Community is the Key to Unlocking the Full Potential of STEM Education

A teacher shares her perspective on making a big impact with her students.

GUEST COLUMN | by Melissa Collins

As often happens within the education system, those attending the classes wonder “when am I ever going to use what they are teaching me?” This is a sentiment many teachers, especially those in STEM subjects, have had to overcome when engaging their students.

Luckily, this obstacle has not caused teacher’s enthusiasm to wane and is instead challenging them to adapt their plans to directly correlate their subjects to life events. Unfortunately, this is not the only obstacle facing STEM teachers. A lack of cultural diversity among professionals along with unequal access to quality resources in educational settings are also affecting STEM educators.

‘While we are using our creativity to engage students and make the subject fun and interesting, it is with the support of businesses and organizations that the field will truly flourish.’

Interestingly, it is corporations who are teaming up with non-governmental organizations (NGOs) to address these challenges and making a difference. While we are using our creativity to engage students and make the subject fun and interesting, it is with the support of businesses and organizations that the field will truly flourish.

Collaboration is Key to Advancing STEM Participation

Already we are seeing non-profit organizations, businesses and higher educational institutions within our communities address the resource gap and working to diversify the field.

For example, the National Science Teaching Association (NSTA) has made a huge impact in the lives of many teachers worldwide by opening the door to networking opportunities and providing relevant resources to advance their professional development.

Through these networking opportunities, I’ve been able to secure relationships with other teachers to share ideas and even start our own movement called One Band, One Sound – a campaign where we used recycled materials to create instruments, learning about physics and sound waves, and sharing our music with students and teachers around the world.

Along with NSTA, the support I have received as a recipient of the Shell Urban Science Educators Development Award has been invaluable. Shell has been a long-time advocate of diversity and inclusion within the space and it truly shows. Through various initiatives and programs, NSTA and Shell have given minority educators a platform to connect, share their stories, and work together to advance STEM education.

In fact, they have helped me realize that the local community is a great resource for teachers to turn to in our quest to further enrich our own professional development. For example, I have reached out to local industry professionals to act as mentors for 22 educators who meet monthly to discuss how the field is evolving and how this evolution can apply to their teaching plans. By understanding the latest advancements in STEM from professionals living and breathing the work every day, educators are able to ensure their lesson plans are up-to-date and relevant.

Bringing the “Real World” into the Classroom

Oftentimes, the real-world applications of our subjects can get lost as we focus on preparing students for state mandated exams. Yet, this is often how our students lose their joy and interest in learning.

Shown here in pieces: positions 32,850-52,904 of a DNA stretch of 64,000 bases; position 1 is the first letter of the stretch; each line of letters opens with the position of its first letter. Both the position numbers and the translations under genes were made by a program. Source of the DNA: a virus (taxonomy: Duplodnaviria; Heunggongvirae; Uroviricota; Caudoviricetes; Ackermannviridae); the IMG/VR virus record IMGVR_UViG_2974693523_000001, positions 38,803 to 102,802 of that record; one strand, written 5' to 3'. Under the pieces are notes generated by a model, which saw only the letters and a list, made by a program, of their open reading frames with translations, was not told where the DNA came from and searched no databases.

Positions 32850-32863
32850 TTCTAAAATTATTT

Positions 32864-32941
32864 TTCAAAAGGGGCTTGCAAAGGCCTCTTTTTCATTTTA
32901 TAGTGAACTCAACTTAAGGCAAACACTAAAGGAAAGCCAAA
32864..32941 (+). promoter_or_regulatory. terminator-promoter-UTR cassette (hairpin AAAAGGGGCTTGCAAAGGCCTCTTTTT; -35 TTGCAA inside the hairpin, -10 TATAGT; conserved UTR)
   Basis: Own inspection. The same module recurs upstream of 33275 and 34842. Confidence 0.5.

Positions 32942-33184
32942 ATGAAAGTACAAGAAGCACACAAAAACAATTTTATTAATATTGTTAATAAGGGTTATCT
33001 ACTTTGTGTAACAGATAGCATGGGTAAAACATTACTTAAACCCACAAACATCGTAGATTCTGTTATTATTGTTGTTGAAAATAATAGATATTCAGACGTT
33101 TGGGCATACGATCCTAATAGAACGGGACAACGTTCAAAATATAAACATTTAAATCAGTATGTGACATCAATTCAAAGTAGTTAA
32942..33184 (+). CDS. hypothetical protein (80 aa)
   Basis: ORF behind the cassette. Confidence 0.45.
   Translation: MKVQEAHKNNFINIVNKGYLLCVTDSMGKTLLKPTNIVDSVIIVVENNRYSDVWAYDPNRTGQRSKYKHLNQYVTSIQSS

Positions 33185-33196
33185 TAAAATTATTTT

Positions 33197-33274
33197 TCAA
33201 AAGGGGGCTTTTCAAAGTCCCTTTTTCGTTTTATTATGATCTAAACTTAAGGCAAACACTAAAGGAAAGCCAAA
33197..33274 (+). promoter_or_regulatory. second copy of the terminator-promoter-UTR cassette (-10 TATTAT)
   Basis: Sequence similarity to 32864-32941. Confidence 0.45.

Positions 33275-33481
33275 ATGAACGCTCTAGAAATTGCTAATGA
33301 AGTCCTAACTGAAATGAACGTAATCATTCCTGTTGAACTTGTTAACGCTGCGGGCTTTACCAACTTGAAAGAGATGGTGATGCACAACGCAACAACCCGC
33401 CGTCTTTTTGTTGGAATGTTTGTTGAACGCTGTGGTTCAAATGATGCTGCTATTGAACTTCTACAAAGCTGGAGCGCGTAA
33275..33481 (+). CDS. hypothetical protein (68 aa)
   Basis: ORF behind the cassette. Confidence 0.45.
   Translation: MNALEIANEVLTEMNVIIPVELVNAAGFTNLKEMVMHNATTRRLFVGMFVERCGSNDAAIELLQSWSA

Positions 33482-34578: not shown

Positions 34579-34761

Bearing this in mind, I try to ensure my lesson plans extend beyond just the classroom. For example, when working on science projects I have my students wear white lab coats to promote the experience of being a “scientist.” I feel that it is important for the students to look and act the part of a scientist, measurer, recorder, etc. when learning and doing group exercises as it allows their imaginations to run wild with the idea that they are actually in that role.

What has truly made the biggest impact in my opinion, is enabling students to hear directly from the professionals themselves. While educators can lay the foundational interested, hearing from someone who looks like they do and has been in their exact shoes gives them the hope and confidence they need to consider these career paths as a real option. In fact, two of my former students, one in nursing school and the other in medical school, have made guest appearances in my classroom to engage with my second-grade class and you can see the rising interest their experiences are fostering.

It is clear that STEM-related industries and the education system need to be updated and rebalanced to make it an equal access and appropriately represented field. The keys to unlocking the full potential are there, but it will take a combined effort of public and private institutions to redesign the system to best maximize the potential of all students. Our future is bright, if we all come together to win this next great race!

Dr. Melissa Collins teaches second grade in Memphis, Tennessee. She is passionate about global learning, STEM, and teacher leadership. She was a 2014 finalist for Tennessee Teacher of the Year and is a member of the National Network of State Teachers of the Year, a National Board-certified teacher, a founder of the National Board Network of Accomplished Minority Educators and serve on National Board Professional Standards Board, 2017 Shell Urban Educators Development Award winner, serve on the advisory committee for the National Science Foundation Directorate for Education and Human Resources (EHR), a 2020 TN National University Teacher Award Winner, a 2020 National Teacher Hall of Fame Inductee, and 2021 Amazon Future Engineer Teacher of the Year.


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